Under the community property laws of Texas, assets owned or used by couples in a marriage are identified as either community property or separate property. Any property owned by one of the parties before the marriage will be deemed separate property and will be returned to the owner as a part of the divorce proceeding. Assets that are purchased during the marriage are considered community property and their value must be divided equally between the parties. All property retains the character it had when acquired. Accordingly, a house purchased with a mortgage before marriage will remain separate property, even though it is partially paid for during the marriage.

There are limited exceptions to the community property rule in Texas:

  • Any property obtained by gift or inheritance is separate property
  • Any property purchased during marriage with funds earned before marriage is separate property
  • Any property that the parties legally agree is partitioned or exchanged by written agreement is separate property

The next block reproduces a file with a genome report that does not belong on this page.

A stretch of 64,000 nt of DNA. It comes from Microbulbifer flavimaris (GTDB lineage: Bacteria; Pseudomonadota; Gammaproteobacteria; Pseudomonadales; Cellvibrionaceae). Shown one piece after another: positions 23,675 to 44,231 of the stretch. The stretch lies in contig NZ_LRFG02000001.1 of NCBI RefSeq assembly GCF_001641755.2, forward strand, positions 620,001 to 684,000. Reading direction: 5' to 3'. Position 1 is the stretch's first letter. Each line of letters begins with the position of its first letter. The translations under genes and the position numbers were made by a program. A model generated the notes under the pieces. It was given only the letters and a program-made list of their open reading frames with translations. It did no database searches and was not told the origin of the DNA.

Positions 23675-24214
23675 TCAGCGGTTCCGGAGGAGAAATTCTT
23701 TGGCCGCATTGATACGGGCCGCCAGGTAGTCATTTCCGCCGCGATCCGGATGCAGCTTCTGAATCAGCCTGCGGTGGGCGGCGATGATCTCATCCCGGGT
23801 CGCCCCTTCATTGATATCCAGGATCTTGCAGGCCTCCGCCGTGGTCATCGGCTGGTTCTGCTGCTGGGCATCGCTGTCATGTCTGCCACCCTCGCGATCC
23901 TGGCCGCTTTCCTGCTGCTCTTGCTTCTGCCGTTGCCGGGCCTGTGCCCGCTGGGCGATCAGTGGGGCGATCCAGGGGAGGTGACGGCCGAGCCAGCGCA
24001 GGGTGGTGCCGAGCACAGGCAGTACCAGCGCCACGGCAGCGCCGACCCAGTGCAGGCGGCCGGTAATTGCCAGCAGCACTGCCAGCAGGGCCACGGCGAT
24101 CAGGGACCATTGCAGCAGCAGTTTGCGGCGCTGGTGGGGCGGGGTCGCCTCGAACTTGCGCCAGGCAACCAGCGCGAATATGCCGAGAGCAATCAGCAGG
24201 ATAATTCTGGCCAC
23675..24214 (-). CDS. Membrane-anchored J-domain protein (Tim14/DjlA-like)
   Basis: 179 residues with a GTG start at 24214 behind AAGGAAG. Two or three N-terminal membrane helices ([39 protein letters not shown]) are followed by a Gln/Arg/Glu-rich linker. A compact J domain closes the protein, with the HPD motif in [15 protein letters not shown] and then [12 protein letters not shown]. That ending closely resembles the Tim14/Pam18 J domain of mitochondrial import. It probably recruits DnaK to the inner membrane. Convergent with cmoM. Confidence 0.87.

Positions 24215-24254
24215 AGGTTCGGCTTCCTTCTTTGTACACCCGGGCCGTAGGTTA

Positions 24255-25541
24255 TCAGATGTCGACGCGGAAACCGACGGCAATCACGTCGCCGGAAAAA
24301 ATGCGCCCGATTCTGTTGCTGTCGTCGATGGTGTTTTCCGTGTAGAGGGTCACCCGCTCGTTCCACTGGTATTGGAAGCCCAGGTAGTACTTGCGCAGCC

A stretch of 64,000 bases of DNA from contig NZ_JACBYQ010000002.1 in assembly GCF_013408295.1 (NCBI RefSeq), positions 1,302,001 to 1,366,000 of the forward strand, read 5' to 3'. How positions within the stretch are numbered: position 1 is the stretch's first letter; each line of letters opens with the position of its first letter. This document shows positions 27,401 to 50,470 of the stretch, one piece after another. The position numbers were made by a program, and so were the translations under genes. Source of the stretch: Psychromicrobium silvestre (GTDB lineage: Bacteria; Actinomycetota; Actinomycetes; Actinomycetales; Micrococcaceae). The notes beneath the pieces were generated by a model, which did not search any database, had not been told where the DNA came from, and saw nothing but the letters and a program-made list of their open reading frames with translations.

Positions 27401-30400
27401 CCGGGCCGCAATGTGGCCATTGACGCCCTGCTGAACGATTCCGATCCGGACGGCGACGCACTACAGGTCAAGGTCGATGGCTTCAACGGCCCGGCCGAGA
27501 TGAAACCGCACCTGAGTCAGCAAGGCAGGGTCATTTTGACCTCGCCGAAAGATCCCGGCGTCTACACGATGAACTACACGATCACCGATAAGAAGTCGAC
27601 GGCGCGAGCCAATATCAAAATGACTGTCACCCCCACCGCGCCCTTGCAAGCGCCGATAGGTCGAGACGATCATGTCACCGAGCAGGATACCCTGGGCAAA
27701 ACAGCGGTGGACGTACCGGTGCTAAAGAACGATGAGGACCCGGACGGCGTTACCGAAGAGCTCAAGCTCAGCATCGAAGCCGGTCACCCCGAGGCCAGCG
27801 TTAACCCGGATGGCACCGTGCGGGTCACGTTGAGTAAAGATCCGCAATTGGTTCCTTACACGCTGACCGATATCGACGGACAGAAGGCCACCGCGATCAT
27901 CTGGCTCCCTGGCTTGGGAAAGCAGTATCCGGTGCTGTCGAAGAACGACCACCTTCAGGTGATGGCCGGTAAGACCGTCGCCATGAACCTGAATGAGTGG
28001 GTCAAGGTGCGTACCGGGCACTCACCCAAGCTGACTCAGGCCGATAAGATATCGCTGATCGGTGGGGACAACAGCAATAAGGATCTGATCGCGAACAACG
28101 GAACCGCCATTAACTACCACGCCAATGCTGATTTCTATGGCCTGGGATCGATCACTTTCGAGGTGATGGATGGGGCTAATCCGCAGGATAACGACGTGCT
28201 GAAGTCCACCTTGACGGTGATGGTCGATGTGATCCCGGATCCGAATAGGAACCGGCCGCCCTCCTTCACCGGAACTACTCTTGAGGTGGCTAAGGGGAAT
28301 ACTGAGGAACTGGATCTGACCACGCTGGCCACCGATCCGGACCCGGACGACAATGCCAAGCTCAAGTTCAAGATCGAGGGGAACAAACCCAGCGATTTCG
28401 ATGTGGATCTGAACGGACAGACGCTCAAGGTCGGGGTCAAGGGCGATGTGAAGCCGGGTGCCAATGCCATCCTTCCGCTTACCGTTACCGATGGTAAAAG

Contact Us

At the office of Linda Stewart Law, PLLC, in Baytown, we bring more than 8 years of experience to clients in south Texas. To learn how we can help, call our office at 281-420-8020 or contact us online. We offer an initial consultation at a reduced fee of $50. We accept credit cards and will set up a payment plan, if appropriate. Our offices are open Monday through Thursday, from 9 a.m. until 5 p.m., and until noon on Fridays. Evening and weekend appointments can be arranged upon request.

Se Habla Espanol | ASL and ESL Services Also Available

Modification of a Custody Agreement